Advertisement

Manifold Based Data Refinement for Biological Analysis

  • Dao Nam AnhEmail author
Chapter
  • 4 Downloads
Part of the Studies in Computational Intelligence book series (SCI, volume 899)

Abstract

This work presents the study into a new manifold method for dimension reduction in digital biological analysis. Extracting features from experiments for multiclass classification task using machine learning is challenging due to different resource populations and various biological sub domains. In data training with a large number of features and samples, errors in classification can occur if efficient feature detection method is not pursued. The aim of the paper is to make clear why some subsets of training samples and features are more appropriate than others. We used Bayesian reasoning under multivariate analysis of learning process to validate and then decrease the number of features used in both training and testing. During training, the number of samples is also reduced by suitability assessment. The method have been designed for rapid and scalable learning by combining selection of features and filtering training samples. Further the article includes experiments of the method with SVM classification model and performance evaluation for digital biological analysis.

References

  1. 1.
    Krohs, U.: Convenience experimentation. Stud. Hist. Philos. Sci. Part C: Stud. Hist. Philos. Biol. Biomed. Sci. 43, 52–57 (2011)CrossRefGoogle Scholar
  2. 2.
    Breur, T.: Statistical power analysis and the contemporary “crisis” in social sciences. J. Mark. Anal. 4(2–3), 61–6 (2016)CrossRefGoogle Scholar
  3. 3.
    Ma, Y., Fu, Y.: Manifold Learning Theory and Applications. CRC Press Taylor & Francis Group, Boca Raton (2012)Google Scholar
  4. 4.
    Guyon, I., Elisseeff, A.: An introduction to variable and feature selection. J. Mach. Learn. Res. 3, 1157–1182 (2003)zbMATHGoogle Scholar
  5. 5.
    Kuncheva, L.I., Rodriguez, J.J.: On feature selection protocols for very low-sample-size data. Pattern Recogn. 81, 660–673 (2018)CrossRefGoogle Scholar
  6. 6.
    Xue, H., Song, Y., Xu, H.M.: Multiple indefinite kernel learning for feature selection. In: Sierra, C. (ed.) Proceedings of the 26th International Joint Conference on Artificial Intelligence (IJCAI 2017), pp. 3210-3216. AAAI Press (2017)Google Scholar
  7. 7.
    Ching, T., Himmelstein, D.S., Beaulieu-Jones, B.K., et al.: Opportunities and obstacles for deep learning in biology and medicine. J. Roy. Soc. Interface 15(141), 20170387 (2018)CrossRefGoogle Scholar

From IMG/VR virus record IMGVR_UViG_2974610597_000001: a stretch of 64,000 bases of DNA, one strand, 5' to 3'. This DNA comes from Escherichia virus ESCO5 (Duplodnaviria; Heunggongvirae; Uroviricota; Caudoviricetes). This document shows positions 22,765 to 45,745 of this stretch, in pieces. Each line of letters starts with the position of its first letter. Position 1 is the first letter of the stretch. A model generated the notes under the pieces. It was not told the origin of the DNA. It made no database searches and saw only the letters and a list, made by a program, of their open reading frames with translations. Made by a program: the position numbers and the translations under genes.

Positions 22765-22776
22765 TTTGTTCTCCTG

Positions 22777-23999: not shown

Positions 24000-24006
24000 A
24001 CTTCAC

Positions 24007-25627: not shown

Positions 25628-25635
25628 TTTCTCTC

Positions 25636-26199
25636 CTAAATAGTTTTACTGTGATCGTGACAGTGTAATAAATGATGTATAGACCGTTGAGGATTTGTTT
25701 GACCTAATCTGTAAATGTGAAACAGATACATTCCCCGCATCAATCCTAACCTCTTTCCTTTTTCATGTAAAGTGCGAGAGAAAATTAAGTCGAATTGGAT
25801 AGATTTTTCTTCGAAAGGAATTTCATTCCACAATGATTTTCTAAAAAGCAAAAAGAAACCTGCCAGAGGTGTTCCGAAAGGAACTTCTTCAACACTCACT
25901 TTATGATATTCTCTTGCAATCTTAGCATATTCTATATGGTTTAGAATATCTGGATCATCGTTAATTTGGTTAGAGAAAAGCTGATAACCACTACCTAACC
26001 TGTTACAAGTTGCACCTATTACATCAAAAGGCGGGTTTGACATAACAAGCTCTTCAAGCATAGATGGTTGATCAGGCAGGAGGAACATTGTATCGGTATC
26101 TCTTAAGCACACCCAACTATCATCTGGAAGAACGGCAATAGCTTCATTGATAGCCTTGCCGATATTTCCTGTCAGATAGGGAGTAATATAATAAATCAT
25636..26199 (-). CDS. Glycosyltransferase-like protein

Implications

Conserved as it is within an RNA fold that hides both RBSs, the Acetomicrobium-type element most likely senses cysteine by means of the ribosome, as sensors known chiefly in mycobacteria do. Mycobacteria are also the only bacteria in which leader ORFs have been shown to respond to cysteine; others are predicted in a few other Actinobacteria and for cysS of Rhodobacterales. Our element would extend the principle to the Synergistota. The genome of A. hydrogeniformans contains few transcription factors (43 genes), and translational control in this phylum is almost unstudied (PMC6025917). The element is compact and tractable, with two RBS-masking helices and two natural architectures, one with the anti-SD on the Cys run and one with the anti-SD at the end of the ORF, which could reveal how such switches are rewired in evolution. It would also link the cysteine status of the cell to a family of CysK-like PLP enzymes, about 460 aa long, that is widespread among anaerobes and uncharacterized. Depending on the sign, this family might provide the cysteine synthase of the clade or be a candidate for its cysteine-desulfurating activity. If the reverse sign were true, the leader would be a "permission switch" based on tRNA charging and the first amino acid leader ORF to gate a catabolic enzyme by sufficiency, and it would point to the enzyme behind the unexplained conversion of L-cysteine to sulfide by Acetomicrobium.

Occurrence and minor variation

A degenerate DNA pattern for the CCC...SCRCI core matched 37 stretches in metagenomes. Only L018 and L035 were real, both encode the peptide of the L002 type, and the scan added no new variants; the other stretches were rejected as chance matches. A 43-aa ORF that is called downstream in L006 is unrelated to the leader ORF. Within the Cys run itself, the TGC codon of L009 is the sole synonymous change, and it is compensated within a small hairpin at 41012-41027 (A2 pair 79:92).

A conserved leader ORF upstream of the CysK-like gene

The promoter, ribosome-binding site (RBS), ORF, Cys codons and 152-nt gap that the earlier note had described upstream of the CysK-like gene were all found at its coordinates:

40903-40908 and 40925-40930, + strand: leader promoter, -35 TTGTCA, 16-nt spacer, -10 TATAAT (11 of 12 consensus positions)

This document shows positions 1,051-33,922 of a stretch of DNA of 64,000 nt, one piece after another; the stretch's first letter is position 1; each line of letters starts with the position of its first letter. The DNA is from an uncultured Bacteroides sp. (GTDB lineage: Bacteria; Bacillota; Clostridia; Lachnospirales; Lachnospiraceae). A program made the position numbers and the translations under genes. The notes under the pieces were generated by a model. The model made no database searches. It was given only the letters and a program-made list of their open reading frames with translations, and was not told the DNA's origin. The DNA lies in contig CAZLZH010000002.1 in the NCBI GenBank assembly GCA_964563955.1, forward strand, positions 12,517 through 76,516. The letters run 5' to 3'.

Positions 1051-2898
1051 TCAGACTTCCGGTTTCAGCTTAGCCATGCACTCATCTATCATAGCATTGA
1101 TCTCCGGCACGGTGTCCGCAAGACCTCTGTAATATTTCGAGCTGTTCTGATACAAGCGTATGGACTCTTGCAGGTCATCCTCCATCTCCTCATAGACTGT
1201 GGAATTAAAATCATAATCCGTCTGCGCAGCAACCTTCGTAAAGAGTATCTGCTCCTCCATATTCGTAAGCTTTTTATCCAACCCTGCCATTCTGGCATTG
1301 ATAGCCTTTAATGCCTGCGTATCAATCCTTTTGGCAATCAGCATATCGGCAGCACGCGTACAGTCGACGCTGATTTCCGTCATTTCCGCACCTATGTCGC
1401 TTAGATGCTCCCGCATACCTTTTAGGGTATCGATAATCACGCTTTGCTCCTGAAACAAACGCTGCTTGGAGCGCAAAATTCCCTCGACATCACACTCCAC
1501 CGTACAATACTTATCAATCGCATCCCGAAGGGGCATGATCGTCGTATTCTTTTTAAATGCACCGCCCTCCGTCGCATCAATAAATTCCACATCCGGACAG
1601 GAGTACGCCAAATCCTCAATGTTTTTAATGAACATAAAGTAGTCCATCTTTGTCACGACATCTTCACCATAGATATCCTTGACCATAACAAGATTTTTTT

8. 8.
    Agbehadji, I.E., Millham, R., Fong, S.J., Yang, H.: Kestrel-Based Search Algorithm (KSA) for parameter tuning unto long short term memory (LSTM) network for feature selection in classification of high-dimensional bioinformatics datasets. In: 2018 Federated Conference on Computer Science and Information Systems (FedCSIS), Poznan, pp. 15-20 (2018)Google Scholar
  9. 9.
    Li, C., Wang, X., Dong, W., Yan, J., Liu, Q., Zha, H.: Joint active learning with feature selection via CUR matrix decomposition. IEEE Trans. Pattern Anal. Mach. Intell. 41(6), 1382–1396 (2019)CrossRefGoogle Scholar
  10. 10.
    Christos, B., Woodruff, D.P.: Optimal CUR matrix decompositions. In: STOC 2014 Proceedings of the Forty-Sixth Annual ACM Symposium on Theory of Computing (2014)Google Scholar
  11. 11.
    Manoranjan, D., Huan, L.: Consistency-based search in feature selection. Artif. Intell. 151(1–2), 155–176 (2003)MathSciNetzbMATHGoogle Scholar
  12. 12.
    Tschandl, P., Rosendahl, C., Kittler, H.: The HAM10000 dataset, a large collection of multi-source dermatoscopic images of common pigmented skin lesions. Sci. Data 5, 180161 (2018)CrossRefGoogle Scholar
  13. 13.
    Barber, D.: Bayesian Reasoning and Machine Learning. Cambridge University Press, Cambridge (2012)zbMATHGoogle Scholar
  14. 14.
    Izenman, A.J.: Modern Multivariate Statistical Techniques Regression, Classification, and Manifold Learning. Springer, Heidelberg (2008).  https://doi.org/10.1007/978-0-387-78189-1CrossRefzbMATHGoogle Scholar
  15. 15.
  16. 16.
    ISO 5725-1:1994: Accuracy (trueness and precision) of measurement methods and results - part 1: general principles and definitions (1994)Google Scholar

Copyright information

© The Editor(s) (if applicable) and The Author(s), under exclusive license to Springer Nature Switzerland AG 2021

Authors and Affiliations

  1. 1.Faculty of Information TechnologyElectric Power UniversityHanoiVietnam

Personalised recommendations